Christina (Vera Clouzot, "The Wages of Fear") is the beautiful and wealthy wife of Michel Delassalle (Paul Meurisse, "Army of Shadows"), who runs the boys' boarding school she funds with no regard for anything but profit. He's cruel and it is common knowledge he's having an affair with another teacher, Nicole Horner (Simone Signoret, "A Room at the Top"). When Nicole appears one day with a black eye, she takes Christina aside and suggest they murder her husband during the school's Christmas holiday in "Diabolique."
Cowriter (with Jérôme Géronimi)/director Henri-Georges Clouzot, adapting the novel (Thomas Narcejac's "Celle qui n'était plus") Hitchcock had wanted, comes up with the best of his twist endings in yet another of his tales where a love triangle circles a crime. This one also features the detective (Charles Vanel, "The Wages of Fear") many think inspired 'Columbo,' although his characteristics appear in earlier films like "Quai des Orfevres"."
Christina, we learn early on, suffers from a heart condition. While there's no love lost for her husband any longer, her religious beliefs deny divorce. But when Nicole leaves early in the morning for her home town some hours' drive away, there's Christina. Nicole's plot involves an expensive bottle of whisky spiked with sedatives, a full bathtub, a plastic tablecloth and wicker basket. She's also got tenants, M. and MMe. Herboux (Noël Roquevert and Thérèse Dorny), to provide an alibi and, in typical Clouzot fashion, black humor. Nicole dials Saint Cloud and hands the phone to her betrayed patroness to announce her intention to divorce - bingo, the bait is snatched and Michel arrives after dark. But is Nicole really concerned about Christina's best interests? Why should this fragile bird of a woman (her pigtailed braids, joined together by a ribbon, add a childlike quality) be tasked with helping to carry a corpse or sent to fetch a bronze ornament to weigh it down? Christina's condition worsens, her fearfulness intensifies.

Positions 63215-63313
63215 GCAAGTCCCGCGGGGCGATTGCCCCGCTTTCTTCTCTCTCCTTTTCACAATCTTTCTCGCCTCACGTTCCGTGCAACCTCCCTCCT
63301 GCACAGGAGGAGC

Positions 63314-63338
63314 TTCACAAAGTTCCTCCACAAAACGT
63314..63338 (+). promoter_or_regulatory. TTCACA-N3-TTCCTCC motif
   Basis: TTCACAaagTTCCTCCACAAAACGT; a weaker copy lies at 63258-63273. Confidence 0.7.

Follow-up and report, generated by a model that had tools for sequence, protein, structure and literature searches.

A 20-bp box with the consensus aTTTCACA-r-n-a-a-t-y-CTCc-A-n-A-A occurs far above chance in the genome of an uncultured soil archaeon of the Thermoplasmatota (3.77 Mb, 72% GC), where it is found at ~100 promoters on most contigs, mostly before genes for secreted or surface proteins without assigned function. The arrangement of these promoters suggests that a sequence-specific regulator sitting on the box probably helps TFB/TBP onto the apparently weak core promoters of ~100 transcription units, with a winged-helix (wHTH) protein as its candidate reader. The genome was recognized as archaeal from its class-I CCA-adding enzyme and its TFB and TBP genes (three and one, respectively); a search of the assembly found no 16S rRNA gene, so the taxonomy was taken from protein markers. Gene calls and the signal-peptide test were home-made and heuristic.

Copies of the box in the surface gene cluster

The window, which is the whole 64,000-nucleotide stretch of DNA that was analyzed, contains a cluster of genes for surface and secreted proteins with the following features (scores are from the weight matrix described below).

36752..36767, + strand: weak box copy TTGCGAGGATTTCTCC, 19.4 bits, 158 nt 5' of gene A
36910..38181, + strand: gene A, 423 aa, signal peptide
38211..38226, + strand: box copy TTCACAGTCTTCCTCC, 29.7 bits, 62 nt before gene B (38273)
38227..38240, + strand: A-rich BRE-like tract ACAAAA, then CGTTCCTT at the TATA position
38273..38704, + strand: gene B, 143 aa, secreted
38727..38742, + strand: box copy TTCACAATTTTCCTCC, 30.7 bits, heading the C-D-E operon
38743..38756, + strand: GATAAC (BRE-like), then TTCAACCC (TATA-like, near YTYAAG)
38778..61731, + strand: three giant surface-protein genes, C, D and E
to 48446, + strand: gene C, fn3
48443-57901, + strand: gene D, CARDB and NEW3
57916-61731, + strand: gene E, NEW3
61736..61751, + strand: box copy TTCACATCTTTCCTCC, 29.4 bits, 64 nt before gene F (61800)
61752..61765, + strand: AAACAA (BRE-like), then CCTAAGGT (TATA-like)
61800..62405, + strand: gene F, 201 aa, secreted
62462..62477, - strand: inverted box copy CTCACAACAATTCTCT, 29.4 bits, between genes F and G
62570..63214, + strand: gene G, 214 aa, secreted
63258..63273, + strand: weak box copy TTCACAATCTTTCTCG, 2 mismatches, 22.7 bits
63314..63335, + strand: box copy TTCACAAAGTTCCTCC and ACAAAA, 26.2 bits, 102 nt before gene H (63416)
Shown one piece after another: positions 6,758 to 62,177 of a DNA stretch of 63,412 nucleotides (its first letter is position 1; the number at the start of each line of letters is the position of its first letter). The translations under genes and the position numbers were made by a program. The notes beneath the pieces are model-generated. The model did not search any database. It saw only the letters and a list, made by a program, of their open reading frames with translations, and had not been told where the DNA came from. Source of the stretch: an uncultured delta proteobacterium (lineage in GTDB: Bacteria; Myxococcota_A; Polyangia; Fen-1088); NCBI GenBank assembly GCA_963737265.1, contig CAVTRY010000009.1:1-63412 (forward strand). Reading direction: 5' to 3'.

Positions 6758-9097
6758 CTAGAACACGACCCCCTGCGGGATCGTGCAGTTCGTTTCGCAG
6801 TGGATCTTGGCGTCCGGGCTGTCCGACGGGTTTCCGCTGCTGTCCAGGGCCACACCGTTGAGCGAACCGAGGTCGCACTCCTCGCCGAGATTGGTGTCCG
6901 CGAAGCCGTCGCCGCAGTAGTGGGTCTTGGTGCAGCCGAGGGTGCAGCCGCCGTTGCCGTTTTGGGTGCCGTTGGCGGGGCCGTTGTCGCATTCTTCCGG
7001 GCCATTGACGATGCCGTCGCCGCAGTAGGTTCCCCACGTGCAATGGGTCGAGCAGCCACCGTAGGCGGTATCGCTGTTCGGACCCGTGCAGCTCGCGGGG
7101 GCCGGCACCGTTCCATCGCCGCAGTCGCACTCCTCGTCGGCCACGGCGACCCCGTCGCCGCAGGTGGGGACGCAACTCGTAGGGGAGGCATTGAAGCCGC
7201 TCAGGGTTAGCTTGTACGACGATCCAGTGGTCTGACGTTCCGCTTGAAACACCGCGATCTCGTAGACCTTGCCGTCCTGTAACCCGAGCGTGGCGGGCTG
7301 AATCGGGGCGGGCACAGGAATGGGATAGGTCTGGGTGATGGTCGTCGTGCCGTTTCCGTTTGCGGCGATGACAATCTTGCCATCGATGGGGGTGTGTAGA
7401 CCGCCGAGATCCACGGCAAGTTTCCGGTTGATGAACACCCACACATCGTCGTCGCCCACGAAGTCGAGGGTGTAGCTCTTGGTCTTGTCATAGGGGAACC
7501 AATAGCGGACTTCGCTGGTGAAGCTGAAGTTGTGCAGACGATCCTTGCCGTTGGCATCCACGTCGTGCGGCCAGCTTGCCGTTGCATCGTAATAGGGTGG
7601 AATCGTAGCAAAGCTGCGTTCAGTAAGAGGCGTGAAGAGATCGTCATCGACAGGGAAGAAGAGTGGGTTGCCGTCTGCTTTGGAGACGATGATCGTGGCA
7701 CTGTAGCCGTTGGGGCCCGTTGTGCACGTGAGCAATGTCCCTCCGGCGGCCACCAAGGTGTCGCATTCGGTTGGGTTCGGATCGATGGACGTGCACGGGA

Back at the school, when no one finds Michel in the pool as the women had planned, Plantiveau's (Jean Brochard, "Le Corbeau") tasked with draining it. There is no body. Then Michel's distinctive suit is delivered from the cleaners. When Christina sees an article about a man's body dragged from the Seine, she makes posthaste to the Paris morgue.
Saint Cloud's school is like a post-war spin on a Dickinsonian institution where boys are fed rotting fish and made to stand in the corner, but there's also that classically French anarchic spirit among these students. One of them, Moinet (Yves-Marie Maurin), is observant about the goings on around him. And so as other professors note Nicole's dark sunglasses and the school's maintenance man controls comings and goings, no one thinks to listen to the kid, even after a class photo lends him credence. Clouzot's noirish images can still be traced to his German expressionistic influences with shadows, ghoulish faces and white nightgowns and his watery murder trickles liquidly throughout his film.
Clouzot's dark delicate wife is beautifully contrasted against the earthy blond Signoret and while their relationship is curious to outsiders they seem comfortable in each other's company. Vera went on to star in her third film, again directed by her husband, "Les Espions," again as a fragile woman committed in an asylum. Ironically given her heart condition here, Vera died of heart failure just five years after the release of "Diabolique."
The film was remade, dreadfully, in 1996 with Isabel Adjani in the Clouzot role and Sharon Stone as Nicole.
Robin gives "Diabolique" an A-.
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